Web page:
Mental illness is one of those things that does not discriminate. All you need to do is look at the statistics. 1 in 5 Australians between 16 and 85 struggle with a mental health disorder. 1 in 7 children between 4 and 17 are diagnosed with one. As a mental health professional who works with children, adolescents, and young adults and has been doing this for a decade, I see it all. But as a human being, I have been one of those 1 in 5.
Some of you might know that back in 2015–2016, I struggled with depression for almost 18 months. I lost a part of myself in that period and it was a hard struggle back. I went to therapy. I fought the demons. I got back on my two feet. It’s what I do. It’s what people like me do.
It’s important to be aware that not everyone struggling with a mental health disorder stays at home or struggles to get out of bed. There are several people with anxiety, depression, substance abuse disorders, personality disorders who all have jobs and who seem to be able to function. You might see them at work, laughing with colleagues, interacting with the world, focussed on their job and completing their tasks. They may have families they cater for or go out with their friends. But what you probably don’t see is them crying alone in their house, breaking down in the shower, having sleepless nights because their mind won’t shut the fuck up, or being unable to eat due to not feeling hungry.
I know these type of people. I am one of them. I may look like I have my shit together but you have no idea about the underlying anxiety. You have no idea how I pull myself up before I fall into the depths of darkness. I jokingly call myself a functionally anxious person. But the truth is, that’s what I am. That’s what many of us are. We function because we feel like we don’t have any other choice. Maybe it has to do with the stigma around mental health but maybe it also has to do with our perfectionism. But it does not mean the mental health disorder is not affecting us.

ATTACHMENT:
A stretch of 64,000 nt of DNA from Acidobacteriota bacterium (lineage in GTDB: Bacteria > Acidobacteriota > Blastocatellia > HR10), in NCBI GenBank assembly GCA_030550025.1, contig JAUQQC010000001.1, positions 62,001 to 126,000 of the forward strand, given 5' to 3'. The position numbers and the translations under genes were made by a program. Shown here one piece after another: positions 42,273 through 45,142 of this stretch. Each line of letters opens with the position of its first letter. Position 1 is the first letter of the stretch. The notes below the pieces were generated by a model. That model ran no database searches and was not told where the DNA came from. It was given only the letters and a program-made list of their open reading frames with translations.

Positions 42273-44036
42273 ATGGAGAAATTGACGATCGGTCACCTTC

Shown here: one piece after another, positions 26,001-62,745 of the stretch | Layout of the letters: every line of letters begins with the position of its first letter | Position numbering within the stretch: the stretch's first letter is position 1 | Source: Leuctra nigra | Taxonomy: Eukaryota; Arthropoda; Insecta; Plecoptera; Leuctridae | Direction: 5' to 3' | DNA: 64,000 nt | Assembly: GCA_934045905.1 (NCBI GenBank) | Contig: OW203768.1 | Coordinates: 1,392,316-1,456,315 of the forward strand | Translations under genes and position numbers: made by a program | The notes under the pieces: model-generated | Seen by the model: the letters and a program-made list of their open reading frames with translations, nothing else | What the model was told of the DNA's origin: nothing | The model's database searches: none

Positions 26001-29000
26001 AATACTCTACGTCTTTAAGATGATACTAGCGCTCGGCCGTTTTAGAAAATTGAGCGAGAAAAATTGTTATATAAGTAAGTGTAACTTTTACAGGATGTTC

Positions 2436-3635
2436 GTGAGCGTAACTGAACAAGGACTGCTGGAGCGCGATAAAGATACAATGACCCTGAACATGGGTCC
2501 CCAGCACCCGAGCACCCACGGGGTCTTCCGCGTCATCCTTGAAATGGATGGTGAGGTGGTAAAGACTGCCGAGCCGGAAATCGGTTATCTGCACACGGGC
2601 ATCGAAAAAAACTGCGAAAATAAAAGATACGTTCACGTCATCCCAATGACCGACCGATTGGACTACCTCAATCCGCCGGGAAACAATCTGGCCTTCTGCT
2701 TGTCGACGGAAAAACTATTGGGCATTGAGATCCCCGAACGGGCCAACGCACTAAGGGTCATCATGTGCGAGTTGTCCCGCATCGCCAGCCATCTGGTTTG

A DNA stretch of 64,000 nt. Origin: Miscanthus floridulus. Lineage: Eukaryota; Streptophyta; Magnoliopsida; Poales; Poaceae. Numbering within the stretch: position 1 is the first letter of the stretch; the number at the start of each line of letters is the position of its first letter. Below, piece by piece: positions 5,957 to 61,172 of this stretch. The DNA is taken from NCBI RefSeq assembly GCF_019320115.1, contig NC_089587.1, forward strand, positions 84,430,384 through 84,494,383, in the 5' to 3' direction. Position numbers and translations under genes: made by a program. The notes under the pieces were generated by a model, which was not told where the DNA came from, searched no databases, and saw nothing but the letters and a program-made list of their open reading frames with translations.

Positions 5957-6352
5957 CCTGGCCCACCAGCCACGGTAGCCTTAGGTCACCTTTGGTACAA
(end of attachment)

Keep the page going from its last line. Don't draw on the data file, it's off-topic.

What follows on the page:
When I notice my warning signs for falling into the darkness – loss of appetite, restless sleep, loss of interest in exercise, writing, reading and other pleasurable activities, more self-critical talk, more hopelessness, feelings of being worthless, loss of meaning, and withdrawing from others – I know I have to take action before the downward spiral begins. It’s one of the benefits of being a mental health professional but also having experienced depression before myself.
But sometimes, doing it alone can be tough. If there’s anything I’ve learned from my last episode, it is to reach out. No matter how much I yearn to withdraw in these times, I have to reach out. To a friend who will validate and listen without judging, without offering advice. And then slowly, I put things in place. Try and set goals, plan things to look forward to, make sure I exercise even when I don’t feel like it, connect with others, try and do things for others and most importantly, try and build meaning back into my life. It’s a slow process. It takes time. It means getting out of my head and actually doing things. But it is all worthwhile.
And maybe again, I will look like I have my shit together. But only I know what lies beneath.
Featured image by Kat Jayne from Pexels
Until next time,